Workshop, 2nd January 2018

Well, time has done what it always does – it came to pass.  2017 is over and 2018 must take its place as predictably as a doggerel couplet.  Here in the Pitshanger Archives, the interns have been busy replacing all thirty-seven calendars we have hanging about the place with ones we saved from 2001 (having already been reused in 2007) – all three years began on a Monday, you see, and well, waste not.  A bottle of correction fluid and they’re good to go, except for the full moons, but who cares about those when we work in a windlowless basement ?  Oh, and the date of Easter…

There was a freshness about this week’s workshop, with Michael Harris opening the year with dreams of the old country, from the worries of the new, while James Priestman was walking with Jonah in the desert, a long way from the sea.  Pat Francis has been digging for diamonds in high society, and Martin Choules has already been writing up the old year, either as history or obituary, we’re not sure.  The Magi were re-imagined by Peter Francis, who never did hand over the gold et al.  Alan Chambers is warming up the depths of Winter with a stewing Basque Summer where only the silent men remain in the scorching plaza, while John Hurley’s youthful Summer culminated in his first kiss, but no invitation back the following year.

For a long detailed view of the passing years, one can do well to turn to Marcel Proust’s In Search of Lost Time.  And though there is no evidence that he ever visited the Tuesdays (or indeed often left the environs of Paris), he was a keen Anglophile, if a little rusty on the language.  But with the help and proficiency of his maman Jeanne, he would send over rough drafts of his domestic epic to be read aloud to the assembled, starting in 1909.  Indeed, these would turn up most weeks, and the council librarian, who was running the workshops at the time, would diligently respond the thoughts of the group, if a little more politely than they were offered.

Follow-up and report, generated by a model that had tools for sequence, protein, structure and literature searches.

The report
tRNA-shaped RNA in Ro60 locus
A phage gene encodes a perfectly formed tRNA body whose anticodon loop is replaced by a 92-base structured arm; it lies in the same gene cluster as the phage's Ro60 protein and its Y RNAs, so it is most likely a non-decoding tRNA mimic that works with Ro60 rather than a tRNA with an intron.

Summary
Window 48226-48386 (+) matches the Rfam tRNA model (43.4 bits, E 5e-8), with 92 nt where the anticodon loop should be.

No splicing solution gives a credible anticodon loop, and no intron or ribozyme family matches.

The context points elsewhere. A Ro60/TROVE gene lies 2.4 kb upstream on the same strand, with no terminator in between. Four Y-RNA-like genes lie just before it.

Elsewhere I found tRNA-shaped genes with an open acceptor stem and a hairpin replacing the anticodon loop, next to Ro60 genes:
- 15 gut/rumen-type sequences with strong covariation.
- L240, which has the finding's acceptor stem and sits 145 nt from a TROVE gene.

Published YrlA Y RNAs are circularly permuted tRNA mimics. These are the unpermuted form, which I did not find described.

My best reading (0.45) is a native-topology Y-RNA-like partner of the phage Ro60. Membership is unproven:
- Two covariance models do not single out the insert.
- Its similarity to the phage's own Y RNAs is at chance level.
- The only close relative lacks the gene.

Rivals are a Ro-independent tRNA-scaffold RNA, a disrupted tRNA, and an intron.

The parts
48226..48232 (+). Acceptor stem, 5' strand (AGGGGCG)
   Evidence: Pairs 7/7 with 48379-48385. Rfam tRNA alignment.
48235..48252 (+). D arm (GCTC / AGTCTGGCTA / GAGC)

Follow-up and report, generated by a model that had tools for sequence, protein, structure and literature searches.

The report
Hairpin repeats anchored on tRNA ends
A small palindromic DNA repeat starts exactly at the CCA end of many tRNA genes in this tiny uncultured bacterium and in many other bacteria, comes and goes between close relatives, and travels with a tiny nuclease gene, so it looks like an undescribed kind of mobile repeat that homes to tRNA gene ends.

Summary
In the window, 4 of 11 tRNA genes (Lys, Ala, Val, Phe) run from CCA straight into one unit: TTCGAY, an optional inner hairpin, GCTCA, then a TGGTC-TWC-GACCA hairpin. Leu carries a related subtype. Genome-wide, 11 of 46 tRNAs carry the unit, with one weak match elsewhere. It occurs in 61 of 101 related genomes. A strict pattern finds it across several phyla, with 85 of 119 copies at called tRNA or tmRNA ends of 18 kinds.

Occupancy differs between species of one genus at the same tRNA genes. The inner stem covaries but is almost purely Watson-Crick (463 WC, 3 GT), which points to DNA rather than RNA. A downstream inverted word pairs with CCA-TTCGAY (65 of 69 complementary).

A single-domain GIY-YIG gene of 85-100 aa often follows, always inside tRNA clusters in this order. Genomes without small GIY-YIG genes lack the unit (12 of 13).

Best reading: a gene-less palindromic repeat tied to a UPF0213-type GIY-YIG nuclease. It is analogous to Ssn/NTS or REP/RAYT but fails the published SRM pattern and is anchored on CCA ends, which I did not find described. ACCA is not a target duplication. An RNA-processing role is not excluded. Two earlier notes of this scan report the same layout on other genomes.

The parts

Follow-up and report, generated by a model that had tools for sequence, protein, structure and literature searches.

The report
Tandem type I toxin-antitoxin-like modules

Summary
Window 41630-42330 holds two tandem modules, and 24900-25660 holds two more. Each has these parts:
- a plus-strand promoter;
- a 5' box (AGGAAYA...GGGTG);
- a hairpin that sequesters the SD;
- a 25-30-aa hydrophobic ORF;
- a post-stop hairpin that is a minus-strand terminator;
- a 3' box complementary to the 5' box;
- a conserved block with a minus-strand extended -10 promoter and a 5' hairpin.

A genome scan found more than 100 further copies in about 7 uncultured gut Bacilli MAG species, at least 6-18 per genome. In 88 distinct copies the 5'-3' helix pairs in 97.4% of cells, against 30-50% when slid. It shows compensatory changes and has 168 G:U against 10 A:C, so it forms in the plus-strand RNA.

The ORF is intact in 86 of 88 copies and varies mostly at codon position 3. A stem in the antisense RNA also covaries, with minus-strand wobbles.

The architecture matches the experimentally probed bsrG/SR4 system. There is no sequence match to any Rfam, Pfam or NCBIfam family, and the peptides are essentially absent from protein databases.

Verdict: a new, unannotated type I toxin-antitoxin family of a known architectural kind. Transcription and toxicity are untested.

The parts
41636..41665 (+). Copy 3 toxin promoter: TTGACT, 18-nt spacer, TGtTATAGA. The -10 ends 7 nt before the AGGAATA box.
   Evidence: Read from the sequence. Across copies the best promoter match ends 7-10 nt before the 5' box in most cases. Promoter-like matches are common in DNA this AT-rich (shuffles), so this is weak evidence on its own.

There is a suggestion that he so enjoyed this feedback that he felt he had to maintain writing more and more chapters just to keep receiving the replies.  Finally, in 1920, in the librarian’s absence due to a cataloguing conference, Tommy Eliot stood in as chair, and promptly sat down in disgust – “Oh, not old procrastinating Proust again.  I’m going to tell him straight that we’ve all long forgotten how this bloody book started !  And I thought my Waste Land was dragging on a bit.”  Robbie Graves agreed, muttering how he had only picked up the recitals late in the series and couldn’t keep track of the two thousand-odd characters.  What affect this letter had on Marcy Proust is unknown, but the pages stopped coming and a couple of years later he died, with three volumes not yet published.


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